I’ve met and talked with Donald Taylor, who manages it, and he instill confidence in the quality of the conference.  And looking at the lineup of speakers, I’m impressed and eager.  I see folks I’ve wanted to hear and meet (Cathy Moore and Clive Shepherd, for two), folks I know and want to spend more time with, and new folks to find out about.

And I’m keen to revisit games.  It’s been six years (!) since I put up my take on designing learning games, but I have continued to look at what’s out there.  And I mmodestly think that while there are some really great books out there, none really provides any improvement in what I focused on: why learning can and should be hard fun.

In particular, the alignment between what makes engaging experiences and what makes effective education practice is still the best model I’ve found to frame design, and my design process still provides systematic and pragmatic guidance about how to design them.  After all, it’s all well and good to talk about how wonderful games can be, but if you can’t reliably and repeatably do that for any learning objective, it’s kind of a waste. And I stick to my claim that you can’t give me a learning objective I can’t design a game for, but I reserve the right to raise the objective ‘high’ enough (in the taxonomic sense).

I truly believe games are important.  They are, quite simply, the best practice environment you can provide to develop the learning outcomes that will make a difference to your organization: the ability to make the right decisions.  Ok, the best next to mentored live practice, but that has problems of scale; mentors are hard to clone, and live practice can be costly.  Games can also serve as assessment environments.

So, I encourage you to attend the conference if you can, it looks quite good. And, if you do, I hope you introduce yourself.  Looking forward to it!

3 January 2011

Happy New Year

Clark @ 7:21 am

I have much to be grateful for at the start of this new year. I have had quite simply fabulous opportunities to engage, learn, and contribute. For that, I thank you.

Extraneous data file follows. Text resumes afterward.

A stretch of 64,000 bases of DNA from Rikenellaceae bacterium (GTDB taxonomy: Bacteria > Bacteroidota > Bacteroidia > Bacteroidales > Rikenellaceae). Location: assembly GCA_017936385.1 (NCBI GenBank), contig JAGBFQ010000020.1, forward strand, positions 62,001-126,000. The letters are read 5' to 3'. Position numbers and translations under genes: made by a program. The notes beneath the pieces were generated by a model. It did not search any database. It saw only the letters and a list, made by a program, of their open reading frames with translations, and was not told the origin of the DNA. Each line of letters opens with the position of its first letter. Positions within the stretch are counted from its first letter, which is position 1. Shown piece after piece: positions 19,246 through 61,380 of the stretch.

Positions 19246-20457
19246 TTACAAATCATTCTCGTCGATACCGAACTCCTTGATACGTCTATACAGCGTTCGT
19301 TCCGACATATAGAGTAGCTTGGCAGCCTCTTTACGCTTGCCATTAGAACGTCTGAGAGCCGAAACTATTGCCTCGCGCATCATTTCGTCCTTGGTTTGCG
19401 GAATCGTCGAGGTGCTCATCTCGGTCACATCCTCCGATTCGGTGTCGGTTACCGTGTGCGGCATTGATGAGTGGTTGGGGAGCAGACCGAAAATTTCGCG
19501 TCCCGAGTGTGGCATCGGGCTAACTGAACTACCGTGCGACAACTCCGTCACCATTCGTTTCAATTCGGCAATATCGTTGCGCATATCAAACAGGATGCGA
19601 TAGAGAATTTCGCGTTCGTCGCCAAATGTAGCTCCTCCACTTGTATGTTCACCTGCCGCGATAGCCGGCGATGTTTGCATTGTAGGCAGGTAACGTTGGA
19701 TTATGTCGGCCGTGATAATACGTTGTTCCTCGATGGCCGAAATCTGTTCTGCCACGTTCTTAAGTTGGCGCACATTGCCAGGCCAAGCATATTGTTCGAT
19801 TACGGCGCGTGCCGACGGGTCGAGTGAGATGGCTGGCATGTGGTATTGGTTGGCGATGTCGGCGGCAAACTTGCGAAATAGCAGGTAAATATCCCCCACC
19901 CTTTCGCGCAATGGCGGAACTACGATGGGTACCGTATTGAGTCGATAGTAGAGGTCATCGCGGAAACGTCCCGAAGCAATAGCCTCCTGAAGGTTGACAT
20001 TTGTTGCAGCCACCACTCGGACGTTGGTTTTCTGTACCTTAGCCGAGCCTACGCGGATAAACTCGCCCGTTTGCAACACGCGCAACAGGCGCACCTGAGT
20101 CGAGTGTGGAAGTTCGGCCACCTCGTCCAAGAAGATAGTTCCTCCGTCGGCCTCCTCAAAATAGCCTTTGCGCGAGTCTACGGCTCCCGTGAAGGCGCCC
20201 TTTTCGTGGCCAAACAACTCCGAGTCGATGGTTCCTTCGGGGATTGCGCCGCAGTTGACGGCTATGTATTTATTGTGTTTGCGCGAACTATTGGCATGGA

I am always working to discover new ways to contribute, both alone as Quinnovation in learning experience design strategy, and with my colleagues in the Internet Time Alliance in helping organizations work smarter. I’m fortunate that a second book is due to be published on the 2nd of February, this time on mobile learning, to complement my first book on learning game design.

My latest thoughts are captured here, and I invite you to subscribe via RSS or email if you don’t already. It’s my alternative to a weekly ezine.

Fervent wishes for the coming year, hoping it is your best yet.

1 January 2011

2011 Predictions

Clark @ 6:11 am

For the annual eLearn Mag predictions, this year I wrote:

I think we’ll see some important, but subtle, trends. Deeper uses of technology are going to surface: more data-driven interactions, complemented by both more structured content and more semantics. These trends are precursors to some very interesting nascent capabilities, essentially web 3.0: system-generated content.  I also think we’ll see the further demise of “courses über alles” and the ‘all-singing all-dancing’ solution, and movement towards performance support and learning facilitation driven via federated capabilities.

I think it’s worth elaborating on what I mean (I was limited to 75 words).

I’ve talked before about web 3.0, and what it takes is fine granularity and deep tagging of content, and some rules about what to present when.  Those rules can be hand-crafted based upon good guesses or existing research, but new opportunities arise from having those rules capitalize on rich data of interactions.  Both based upon some client work, and what I heard at the WCET conference, folks are finally waking up to the potential of collecting internet-scale data (e.g. Amazon and Netflix) and mining that as a basis for optimizing interactions.  Taking the steps now have some immediate payoffs in terms of optimizing content development streams and looking anew at what are important interactions, but the big returns come in creating optimized learning and performance interactions.

The second part is a bit of evangelism hoping that more organizations will follow the path foreseen by my Internet Time Alliance colleagues, and move beyond just training to covering informal learning.  I’ve talked before about looking at the bigger picture of learning, because I’m convinced that the coming differentiator will not be optimal execution but continuing innovation.  That takes, in my mind, both an optimized infrastructure and ubiquitous access (c.f. mobile).  It’s more, of course, because it also implies a culture supportive of learning, yet I think this is both an advantage for business competitiveness and a move that meets real human needs, which makes it an ideal as well as real goal.

The eLearning Mag predictions should be out soon, and I strongly encourage you to see what the bevy of prognosticators are proposing for the coming year.  I welcome hearing your thoughts, too!